The Chamber: A Study in Capital Punishment
I managed to catch a movie based on a John Grisham novel last night on TV. Called The Chamber, it starred Gene Hackman as Sam Cayhall, a racist guy and a Klansman who killed two children (albeit accidentally) in a hate crime, and is in death row for that.
Chris O’Donnell stars as Adam Hall, a young lawyer and also Cayhall’s grandson who tries to save his grandfather despite the animosity and contempt shown by Sam towards his grandson and Adam’s late father, who had committed suicide due to Sam’s misdeeds.
With just 28 days before Sam’s execution by gas chamber, Adam exhausts every avenue of appeal but fails, despite getting evidence that Sam wasn’t the only participant in the hate crime. More interestingly is the transformation of Sam from a hateful figure to someone who finally breaks down upon realizing what kind of monster he became.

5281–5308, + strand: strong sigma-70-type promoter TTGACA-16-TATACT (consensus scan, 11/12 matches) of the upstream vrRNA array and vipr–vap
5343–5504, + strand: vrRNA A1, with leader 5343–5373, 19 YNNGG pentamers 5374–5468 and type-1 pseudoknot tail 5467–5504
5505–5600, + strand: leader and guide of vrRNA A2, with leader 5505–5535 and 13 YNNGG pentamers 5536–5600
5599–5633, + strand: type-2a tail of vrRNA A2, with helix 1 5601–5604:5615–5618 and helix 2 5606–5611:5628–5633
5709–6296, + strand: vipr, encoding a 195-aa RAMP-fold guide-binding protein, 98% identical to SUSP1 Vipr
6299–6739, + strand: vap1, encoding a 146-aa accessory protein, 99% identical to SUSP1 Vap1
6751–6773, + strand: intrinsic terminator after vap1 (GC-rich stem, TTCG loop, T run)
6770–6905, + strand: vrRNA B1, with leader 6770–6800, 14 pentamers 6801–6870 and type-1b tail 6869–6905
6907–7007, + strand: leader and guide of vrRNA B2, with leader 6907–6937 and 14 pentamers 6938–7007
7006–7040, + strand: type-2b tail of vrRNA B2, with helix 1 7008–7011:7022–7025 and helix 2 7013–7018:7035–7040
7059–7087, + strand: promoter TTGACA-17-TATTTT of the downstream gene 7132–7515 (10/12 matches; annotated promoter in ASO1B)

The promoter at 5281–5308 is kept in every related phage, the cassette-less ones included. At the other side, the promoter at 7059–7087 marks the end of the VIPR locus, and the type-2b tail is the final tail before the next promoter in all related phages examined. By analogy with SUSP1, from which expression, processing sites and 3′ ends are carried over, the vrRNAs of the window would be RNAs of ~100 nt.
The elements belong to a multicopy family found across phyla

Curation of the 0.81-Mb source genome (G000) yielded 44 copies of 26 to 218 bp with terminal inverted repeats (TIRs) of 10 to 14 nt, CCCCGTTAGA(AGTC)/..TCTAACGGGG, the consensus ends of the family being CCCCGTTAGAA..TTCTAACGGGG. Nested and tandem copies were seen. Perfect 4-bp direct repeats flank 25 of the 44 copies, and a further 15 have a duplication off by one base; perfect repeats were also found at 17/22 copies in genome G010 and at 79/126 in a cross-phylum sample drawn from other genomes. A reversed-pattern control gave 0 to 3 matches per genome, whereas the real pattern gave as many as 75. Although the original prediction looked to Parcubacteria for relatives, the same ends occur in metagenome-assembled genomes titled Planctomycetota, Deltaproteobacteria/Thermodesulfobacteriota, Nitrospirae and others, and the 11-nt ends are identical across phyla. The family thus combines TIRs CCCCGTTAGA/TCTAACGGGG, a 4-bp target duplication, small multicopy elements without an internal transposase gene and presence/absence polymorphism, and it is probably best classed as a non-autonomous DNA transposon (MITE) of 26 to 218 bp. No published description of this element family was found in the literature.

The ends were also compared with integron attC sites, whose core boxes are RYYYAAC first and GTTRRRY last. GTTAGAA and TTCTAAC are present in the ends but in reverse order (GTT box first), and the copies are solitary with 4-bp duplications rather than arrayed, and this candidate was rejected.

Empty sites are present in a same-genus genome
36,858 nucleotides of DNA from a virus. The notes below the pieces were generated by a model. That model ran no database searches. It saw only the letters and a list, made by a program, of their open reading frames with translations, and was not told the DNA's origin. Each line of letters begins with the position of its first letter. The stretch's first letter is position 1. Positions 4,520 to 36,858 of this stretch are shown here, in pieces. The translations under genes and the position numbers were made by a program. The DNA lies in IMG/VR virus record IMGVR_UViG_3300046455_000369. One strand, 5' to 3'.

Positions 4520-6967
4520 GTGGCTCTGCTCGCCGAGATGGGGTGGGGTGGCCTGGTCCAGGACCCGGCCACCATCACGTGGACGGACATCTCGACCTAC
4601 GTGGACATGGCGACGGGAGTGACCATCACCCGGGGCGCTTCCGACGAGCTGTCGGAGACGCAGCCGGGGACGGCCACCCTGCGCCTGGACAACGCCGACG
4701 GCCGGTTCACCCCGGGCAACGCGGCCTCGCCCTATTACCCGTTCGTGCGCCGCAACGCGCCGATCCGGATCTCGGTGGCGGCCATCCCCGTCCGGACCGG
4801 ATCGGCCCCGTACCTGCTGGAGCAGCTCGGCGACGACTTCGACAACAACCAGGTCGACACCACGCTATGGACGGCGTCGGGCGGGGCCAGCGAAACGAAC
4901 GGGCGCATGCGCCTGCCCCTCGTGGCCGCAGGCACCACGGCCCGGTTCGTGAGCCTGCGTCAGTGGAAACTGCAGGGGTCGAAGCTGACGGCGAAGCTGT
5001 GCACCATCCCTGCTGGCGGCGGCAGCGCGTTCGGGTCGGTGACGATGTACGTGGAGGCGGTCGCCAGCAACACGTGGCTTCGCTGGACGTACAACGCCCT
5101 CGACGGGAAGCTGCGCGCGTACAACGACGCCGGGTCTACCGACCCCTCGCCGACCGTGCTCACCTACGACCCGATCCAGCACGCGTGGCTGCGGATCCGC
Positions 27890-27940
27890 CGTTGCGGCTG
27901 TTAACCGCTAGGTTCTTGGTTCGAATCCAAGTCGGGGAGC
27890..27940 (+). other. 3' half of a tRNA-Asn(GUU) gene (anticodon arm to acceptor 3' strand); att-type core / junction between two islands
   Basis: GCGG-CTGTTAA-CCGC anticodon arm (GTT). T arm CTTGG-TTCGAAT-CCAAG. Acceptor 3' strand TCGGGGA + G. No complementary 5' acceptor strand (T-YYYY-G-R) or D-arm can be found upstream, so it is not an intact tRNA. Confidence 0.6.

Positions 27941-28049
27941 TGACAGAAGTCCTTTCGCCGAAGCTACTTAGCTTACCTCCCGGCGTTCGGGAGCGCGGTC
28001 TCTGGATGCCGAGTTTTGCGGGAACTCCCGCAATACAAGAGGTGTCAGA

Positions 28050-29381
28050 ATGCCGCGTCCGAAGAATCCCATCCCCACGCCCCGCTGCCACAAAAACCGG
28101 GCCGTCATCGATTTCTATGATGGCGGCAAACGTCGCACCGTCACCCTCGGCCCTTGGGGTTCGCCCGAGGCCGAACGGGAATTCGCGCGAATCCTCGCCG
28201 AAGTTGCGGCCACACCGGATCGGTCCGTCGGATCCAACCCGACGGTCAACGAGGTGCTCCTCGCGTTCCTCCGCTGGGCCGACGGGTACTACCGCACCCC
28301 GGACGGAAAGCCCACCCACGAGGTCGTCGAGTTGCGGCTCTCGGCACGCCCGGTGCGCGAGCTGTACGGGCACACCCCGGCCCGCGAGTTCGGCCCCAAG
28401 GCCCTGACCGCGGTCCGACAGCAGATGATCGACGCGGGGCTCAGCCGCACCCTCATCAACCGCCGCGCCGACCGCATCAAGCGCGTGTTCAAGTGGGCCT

Sam meets his end in the gas chamber and the movie does have a slightly graphic depiction of that. The movie does raises questions on capital punishment, and while it’s really “eye for an eye”, can mitigating circumstances that warrant a different punishment?
In the case of Sam Cayhall, he was born and bred a Klansman and was used to hate crimes since he was a kid. Does that warrant due consideration when it comes to his actions as an adult? What do you think?Powered by Sidelines
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